How to Write an Interactive Strategic Brief, Part 2

In part one of this series, I described how to write the basic building block of an online strategy: the brief. In this second installment, I’ll talk about how to translate a product benefit into an effective interactive ad. Remember, there’s a basic template and fake case study available on my blog that you can use with these columns.

Why People Buy Stuff

People buy things for the same reason people do anything: They perceive a benefit to engaging in the action. This is the pure economist view of the world and humanity. Why did he do it? Because he believed that doing it would bring him some benefit. This is certainly not the only way to see the world, but it is the most elemental.

When you think about product purchases, you can divide the benefits of making a purchase into rational and emotional. The rational half tells you all the real-world efficiencies that a product will afford. The rational benefit for buying a hybrid car is economic: you’ll spend less money on gas.

Emotional benefits are a bit trickier. These are positive feelings a person gets from a product. They’re tough because they are harder to quantify. Sometimes this is simply the sense of power one gets from wearing a designer label or the feeling of athletic achievement from wearing running shoes to a meeting. For the hybrid, the emotional benefit is wrapped up in a feeling of doing the right thing for the environment.

Generally, you’d see the emotional benefits communicated in the pure branding work (TV, outdoor) and the rational benefits communicated in the direct marketing stuff (mail, direct response broadcast). The cool thing about the Internet, however, is it blends rational and emotional communication methods together, allowing for ads that actually take a consumer from emotional to rational to purchase.

Strategy = Plan

A strategy isn’t a clever insight or a slight twist of familiar phrasing. It’s a plan to move a person from one state to another. Your interactive strategy should be built to bring people very far along the purchase cycle. A number of agencies have keyed into this and developed marketing methods that are generally called direct branding or branded direct.

The driving idea behind this approach is you don’t need to settle for either branding or direct tactics. Online, there’s a method of having an ad unit that begins with an emotional tug and follows through with a direct call to action.

Consider the release of a new movie, heavy on special effects, space battles, fire trucks, Muppets, and whatever else generates big opening weekends. Ad units can highlight some of the most powerful sequences in the film, maybe by showing clips or character close-ups. In movies, the emotional tug is often clear. It may be a tragic death or a great love story. Whatever the case, the ad units can lead with that emotion.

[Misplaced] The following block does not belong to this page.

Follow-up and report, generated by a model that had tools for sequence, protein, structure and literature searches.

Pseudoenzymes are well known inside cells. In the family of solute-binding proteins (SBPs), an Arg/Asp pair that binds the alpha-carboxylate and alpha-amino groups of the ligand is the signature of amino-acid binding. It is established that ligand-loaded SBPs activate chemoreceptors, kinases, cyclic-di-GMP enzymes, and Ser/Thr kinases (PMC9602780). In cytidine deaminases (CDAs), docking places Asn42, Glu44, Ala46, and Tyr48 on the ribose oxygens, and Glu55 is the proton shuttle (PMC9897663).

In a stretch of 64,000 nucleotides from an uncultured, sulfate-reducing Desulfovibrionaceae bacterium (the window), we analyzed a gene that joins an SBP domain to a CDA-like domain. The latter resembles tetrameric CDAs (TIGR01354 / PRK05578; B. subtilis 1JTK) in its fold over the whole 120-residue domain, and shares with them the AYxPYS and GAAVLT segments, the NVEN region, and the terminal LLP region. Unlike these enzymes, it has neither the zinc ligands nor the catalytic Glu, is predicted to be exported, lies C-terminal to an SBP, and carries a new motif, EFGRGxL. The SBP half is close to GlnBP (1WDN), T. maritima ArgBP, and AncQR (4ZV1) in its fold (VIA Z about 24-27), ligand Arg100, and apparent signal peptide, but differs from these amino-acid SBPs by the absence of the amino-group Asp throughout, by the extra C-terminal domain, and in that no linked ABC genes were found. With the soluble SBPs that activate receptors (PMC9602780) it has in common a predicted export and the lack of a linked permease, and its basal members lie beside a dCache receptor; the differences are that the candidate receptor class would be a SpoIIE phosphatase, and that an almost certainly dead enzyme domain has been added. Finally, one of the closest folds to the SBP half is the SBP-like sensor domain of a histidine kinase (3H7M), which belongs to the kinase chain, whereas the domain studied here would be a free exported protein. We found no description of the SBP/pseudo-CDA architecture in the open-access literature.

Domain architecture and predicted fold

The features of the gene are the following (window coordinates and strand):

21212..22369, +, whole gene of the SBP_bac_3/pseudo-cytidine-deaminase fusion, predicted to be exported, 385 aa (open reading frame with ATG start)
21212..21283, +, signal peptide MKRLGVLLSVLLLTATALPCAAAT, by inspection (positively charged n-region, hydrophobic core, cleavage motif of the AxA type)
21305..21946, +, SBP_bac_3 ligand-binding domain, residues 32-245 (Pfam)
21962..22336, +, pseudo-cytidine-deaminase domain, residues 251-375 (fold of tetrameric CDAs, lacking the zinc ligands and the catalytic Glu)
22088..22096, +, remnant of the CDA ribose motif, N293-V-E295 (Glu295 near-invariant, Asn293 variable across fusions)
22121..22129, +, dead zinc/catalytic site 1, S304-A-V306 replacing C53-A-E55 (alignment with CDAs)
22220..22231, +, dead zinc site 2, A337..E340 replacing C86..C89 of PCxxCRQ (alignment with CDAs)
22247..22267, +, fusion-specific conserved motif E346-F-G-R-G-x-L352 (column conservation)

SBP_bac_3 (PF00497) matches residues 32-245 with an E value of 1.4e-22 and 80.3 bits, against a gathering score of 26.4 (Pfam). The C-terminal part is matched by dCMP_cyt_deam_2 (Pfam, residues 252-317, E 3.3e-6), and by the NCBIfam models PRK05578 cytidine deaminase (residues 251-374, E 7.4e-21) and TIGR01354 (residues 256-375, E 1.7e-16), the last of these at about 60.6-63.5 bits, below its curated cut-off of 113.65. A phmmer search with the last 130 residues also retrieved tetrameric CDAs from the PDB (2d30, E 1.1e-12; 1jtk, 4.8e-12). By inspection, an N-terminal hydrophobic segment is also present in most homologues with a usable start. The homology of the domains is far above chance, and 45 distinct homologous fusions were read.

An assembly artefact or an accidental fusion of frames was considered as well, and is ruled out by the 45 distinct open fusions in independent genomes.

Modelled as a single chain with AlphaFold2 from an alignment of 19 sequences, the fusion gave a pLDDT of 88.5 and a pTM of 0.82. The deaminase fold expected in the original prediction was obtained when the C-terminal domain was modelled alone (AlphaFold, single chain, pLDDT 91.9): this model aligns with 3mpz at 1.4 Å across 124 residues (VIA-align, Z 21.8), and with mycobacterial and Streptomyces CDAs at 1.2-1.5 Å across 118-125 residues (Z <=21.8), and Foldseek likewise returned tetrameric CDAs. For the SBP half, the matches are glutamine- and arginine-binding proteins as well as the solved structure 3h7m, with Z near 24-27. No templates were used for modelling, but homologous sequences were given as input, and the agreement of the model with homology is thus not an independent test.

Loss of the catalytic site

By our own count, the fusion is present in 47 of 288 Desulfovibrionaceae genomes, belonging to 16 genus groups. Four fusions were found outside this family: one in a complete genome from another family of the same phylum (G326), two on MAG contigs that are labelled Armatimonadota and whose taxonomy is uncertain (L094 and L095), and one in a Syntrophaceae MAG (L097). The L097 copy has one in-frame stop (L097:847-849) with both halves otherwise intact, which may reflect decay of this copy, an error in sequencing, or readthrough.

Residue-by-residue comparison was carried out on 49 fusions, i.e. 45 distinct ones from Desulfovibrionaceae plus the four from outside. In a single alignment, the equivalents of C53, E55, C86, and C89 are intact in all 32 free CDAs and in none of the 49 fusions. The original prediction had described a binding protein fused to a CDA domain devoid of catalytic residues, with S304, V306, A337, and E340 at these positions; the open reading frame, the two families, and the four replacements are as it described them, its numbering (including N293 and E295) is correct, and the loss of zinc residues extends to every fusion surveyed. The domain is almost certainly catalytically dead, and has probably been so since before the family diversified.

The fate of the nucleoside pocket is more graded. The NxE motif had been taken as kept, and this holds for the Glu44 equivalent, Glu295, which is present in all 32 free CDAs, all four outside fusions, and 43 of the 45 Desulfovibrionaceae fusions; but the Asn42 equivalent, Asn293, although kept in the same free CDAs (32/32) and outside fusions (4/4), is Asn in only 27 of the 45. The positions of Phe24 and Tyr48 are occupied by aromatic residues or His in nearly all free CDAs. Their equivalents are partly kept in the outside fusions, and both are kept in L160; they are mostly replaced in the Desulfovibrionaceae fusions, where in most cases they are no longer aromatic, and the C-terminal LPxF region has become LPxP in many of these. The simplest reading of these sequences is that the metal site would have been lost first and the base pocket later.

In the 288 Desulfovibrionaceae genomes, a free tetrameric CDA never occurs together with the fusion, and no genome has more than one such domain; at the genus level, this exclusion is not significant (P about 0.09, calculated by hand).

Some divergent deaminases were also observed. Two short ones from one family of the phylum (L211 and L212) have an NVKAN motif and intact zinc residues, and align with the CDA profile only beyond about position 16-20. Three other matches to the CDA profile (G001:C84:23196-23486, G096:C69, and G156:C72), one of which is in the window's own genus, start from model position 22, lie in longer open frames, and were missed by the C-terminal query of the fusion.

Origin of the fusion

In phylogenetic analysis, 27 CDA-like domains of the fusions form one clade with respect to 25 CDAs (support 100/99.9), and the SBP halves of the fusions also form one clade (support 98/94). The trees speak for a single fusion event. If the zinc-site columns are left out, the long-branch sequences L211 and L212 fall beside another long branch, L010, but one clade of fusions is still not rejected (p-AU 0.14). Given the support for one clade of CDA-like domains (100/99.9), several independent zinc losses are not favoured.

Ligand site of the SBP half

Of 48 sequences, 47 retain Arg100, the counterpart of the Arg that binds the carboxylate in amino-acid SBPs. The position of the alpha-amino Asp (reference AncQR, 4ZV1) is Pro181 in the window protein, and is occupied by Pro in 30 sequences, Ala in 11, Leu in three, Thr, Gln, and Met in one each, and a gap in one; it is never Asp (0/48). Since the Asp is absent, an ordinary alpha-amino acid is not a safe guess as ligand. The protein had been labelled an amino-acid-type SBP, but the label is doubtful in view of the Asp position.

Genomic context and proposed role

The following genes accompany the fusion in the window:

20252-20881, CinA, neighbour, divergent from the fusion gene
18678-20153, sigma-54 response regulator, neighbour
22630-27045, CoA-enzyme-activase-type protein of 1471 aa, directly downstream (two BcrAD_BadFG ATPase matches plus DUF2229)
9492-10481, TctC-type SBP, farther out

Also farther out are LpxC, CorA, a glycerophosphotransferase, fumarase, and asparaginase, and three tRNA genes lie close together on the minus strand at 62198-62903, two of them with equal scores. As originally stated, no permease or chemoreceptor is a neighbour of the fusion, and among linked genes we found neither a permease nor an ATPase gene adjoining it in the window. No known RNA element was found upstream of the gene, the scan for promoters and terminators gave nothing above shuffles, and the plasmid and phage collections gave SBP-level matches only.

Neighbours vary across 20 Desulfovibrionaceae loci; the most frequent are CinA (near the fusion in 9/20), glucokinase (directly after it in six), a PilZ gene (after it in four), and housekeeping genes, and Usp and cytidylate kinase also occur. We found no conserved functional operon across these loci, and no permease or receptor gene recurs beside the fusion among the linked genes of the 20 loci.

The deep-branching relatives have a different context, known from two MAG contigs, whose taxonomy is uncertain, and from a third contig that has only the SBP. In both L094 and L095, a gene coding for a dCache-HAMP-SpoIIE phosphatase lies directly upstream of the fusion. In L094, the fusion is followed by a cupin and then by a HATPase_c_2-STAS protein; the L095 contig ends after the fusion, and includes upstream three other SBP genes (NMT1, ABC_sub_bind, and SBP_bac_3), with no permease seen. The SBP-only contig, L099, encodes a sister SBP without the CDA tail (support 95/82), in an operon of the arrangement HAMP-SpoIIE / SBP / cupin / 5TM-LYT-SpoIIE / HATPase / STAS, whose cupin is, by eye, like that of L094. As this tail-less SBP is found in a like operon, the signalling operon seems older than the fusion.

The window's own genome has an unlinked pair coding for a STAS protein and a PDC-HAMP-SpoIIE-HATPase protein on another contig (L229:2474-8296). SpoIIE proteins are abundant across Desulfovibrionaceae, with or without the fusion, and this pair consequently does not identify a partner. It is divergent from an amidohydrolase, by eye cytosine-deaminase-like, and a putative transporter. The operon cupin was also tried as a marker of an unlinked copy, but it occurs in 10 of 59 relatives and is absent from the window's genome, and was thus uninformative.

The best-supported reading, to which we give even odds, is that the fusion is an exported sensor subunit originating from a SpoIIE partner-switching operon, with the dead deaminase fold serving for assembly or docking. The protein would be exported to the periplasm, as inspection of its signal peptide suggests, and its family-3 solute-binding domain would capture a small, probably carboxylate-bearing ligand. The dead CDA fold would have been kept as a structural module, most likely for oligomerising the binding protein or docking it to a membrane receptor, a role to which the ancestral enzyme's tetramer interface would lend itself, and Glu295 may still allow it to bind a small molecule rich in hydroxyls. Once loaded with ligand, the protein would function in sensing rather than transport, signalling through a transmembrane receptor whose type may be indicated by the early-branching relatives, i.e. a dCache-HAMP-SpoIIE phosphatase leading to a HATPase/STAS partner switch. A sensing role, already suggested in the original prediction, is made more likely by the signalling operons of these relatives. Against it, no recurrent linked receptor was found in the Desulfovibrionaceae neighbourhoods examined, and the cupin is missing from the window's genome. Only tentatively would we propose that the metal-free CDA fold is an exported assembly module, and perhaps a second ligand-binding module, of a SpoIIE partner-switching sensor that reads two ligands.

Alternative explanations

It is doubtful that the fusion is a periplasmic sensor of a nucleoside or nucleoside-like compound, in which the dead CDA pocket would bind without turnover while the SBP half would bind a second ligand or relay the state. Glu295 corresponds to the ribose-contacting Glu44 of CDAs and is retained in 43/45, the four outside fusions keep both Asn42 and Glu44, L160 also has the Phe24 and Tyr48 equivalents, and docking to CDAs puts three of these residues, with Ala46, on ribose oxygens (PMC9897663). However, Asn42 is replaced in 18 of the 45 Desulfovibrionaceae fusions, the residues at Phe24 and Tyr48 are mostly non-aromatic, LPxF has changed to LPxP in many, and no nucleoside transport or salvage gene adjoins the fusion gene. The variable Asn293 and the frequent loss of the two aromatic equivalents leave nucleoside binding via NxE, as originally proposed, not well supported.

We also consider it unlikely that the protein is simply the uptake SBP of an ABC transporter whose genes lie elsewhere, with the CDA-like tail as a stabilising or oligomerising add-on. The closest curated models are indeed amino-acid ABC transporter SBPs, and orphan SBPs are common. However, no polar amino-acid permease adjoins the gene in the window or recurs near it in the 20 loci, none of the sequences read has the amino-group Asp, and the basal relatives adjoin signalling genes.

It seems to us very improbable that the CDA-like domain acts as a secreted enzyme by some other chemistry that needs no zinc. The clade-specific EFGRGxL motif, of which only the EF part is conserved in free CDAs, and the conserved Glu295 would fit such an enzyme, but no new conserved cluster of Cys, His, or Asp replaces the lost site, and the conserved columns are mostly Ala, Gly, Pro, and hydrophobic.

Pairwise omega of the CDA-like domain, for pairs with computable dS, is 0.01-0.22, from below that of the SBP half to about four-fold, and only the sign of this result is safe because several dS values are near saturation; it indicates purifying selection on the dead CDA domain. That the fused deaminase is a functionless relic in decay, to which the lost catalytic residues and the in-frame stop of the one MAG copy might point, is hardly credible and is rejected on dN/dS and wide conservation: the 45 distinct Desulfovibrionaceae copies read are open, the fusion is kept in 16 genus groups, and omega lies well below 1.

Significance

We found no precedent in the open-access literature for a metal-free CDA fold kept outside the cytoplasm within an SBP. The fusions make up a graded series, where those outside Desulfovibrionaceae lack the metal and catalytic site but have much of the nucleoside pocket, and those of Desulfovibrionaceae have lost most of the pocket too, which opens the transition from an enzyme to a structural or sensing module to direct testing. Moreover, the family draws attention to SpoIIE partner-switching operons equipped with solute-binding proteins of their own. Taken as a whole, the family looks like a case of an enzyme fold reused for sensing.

But here’s where the Internet’s power becomes apparent. The same clip on TV can only say, “In theaters July 4.” But Internet ads can say, “Click here to preorder your tickets.” The strategy behind the ad is to connect with the consumer in a moment of pure emotion, then to capitalize on that spark by generating a direct marketing-style call to action.

Making It Work for Other Products

Of course, your product may be tax services or a router or an investment in pork futures. Where’s the love in that? This is why it’s critical to remember every product has both the emotional and the rational as a part of its core. Strategic development’s goal is to identify what they are and find a way to balance the two within the interactive strategy.

Once you’ve identified that core and created the brief that describes how you will convert consumers, you must stick to it. The worst thing you can do with a strategy is change it too many times. At some point, the value becomes diluted and those benefits muddled. Certainly pay attention to how the campaign is operating and be flexible if things aren’t working to plan, but always try to stay consistent with your strategy.

Although basic marketing communication concepts are the same across all channels, the Internet represents a unique experience for consumers and brands, and the campaign should take advantage of those characteristics.

Meet Gary at Search Engine Strategies in Chicago, December 4-7, at the Hilton Chicago.

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